Relax, it's just
You may not be able to picture The Craft with a different group of teen witches, but that was almost the case when putting the coven together.
During an interview with The Huffington Post to celebrate the cult classic's 20th anniversary, casting director Pam Dixon and director Andrew Fleming revealed that the famous 1996 flick almost starred some now-huge A-listers, including Angelina Jolie, Alicia Silverstone and Scarlett Johansson.
And they all went for the same part—Sarah, the lead role.
"We did these tests and we tested a lot of girls, some of whom have become really well-known," Dixon shared. "We actually had a hold on somebody that we had to let go because she got offered another film, and we didn't know if the movie was really happening. That girl was Angelina Jolie. She did Foxfire instead." Oh, whaaaaat?
She continued, "Another person who came in was Scarlett Johansson, who was just 12 at the time. The other girl was Alicia Silverstone. This would have been ‘95. She had just shot Clueless, but it had not come out. Alicia also got something between the time that we read them and the time we were really going to make the movie, so we couldn't pick her up either and she went to do something else. They were all really for Sarah."
The lead role obviously ended up going to Robin Tunney, who actually auditioned for a smaller part in the film. "Robin was originally cast in the part that Neve Campbell played, but we wanted her for the lead. We had to talk her into playing the lead, which was weird. But she did it. She wanted to play Bonnie, and we said, 'No, we want you to be Sarah.' It was like a reverse-Hollywood story where she wanted the smaller part."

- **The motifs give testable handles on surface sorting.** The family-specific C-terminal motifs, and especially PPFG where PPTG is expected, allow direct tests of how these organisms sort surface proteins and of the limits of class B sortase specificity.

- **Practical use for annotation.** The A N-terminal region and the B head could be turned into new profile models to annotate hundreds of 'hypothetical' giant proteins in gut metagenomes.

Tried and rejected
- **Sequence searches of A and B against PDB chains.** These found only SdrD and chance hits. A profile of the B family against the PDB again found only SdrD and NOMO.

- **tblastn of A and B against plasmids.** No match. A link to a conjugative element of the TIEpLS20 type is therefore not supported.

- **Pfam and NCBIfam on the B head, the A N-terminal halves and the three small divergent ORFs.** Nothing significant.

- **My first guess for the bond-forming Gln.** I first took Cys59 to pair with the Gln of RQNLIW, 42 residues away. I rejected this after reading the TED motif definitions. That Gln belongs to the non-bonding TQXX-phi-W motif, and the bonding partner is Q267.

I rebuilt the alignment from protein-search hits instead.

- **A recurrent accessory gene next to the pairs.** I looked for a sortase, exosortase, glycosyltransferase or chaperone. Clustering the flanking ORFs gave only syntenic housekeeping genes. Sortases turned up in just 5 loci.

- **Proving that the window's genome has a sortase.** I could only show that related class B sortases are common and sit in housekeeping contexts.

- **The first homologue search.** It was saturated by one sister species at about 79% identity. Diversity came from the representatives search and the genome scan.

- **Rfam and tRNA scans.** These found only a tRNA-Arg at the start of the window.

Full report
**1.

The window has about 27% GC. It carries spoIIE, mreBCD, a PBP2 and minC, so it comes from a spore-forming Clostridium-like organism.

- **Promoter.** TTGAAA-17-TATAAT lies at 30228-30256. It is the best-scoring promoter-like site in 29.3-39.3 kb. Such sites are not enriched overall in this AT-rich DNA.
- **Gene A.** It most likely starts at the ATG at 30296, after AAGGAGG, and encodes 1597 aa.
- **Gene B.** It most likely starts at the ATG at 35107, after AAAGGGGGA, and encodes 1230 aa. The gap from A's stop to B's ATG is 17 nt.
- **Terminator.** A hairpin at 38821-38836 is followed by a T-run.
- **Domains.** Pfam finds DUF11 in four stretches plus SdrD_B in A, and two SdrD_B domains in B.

The Craft centered around four teen witches—Nancy (Fairuza Balk), Sarah (Robin Tunney), Rochelle (Rachel True) and Bonnie (Neve Campbell)—who went to Catholic school and used witchcraft for vengeful acts and fixing personal problems, which oftentimes went disastrously wrong.
Producer Doug Wick also gave an update on the upcoming sequel, which Sony Pictures first announced last year, with horror director Leigh Janiak set to direct.
"It's not so much a remake — it's sort of saying young women exploring their power, what would that be like right now?" Wick explained.
"Obviously it's an incredibly relevant, exciting subject, so we hired a really great female writer/director, Leigh Janiak, who also has a talented writing partner. We were only going to explore it if there was an exciting way to go, and they came in with [something] very fresh—a new group of girls, much more of this era, who begin some explorations with power that they don't understand. They had just incredibly compelling ideas for a way to make a new, exciting, surprising movie for teenage girls."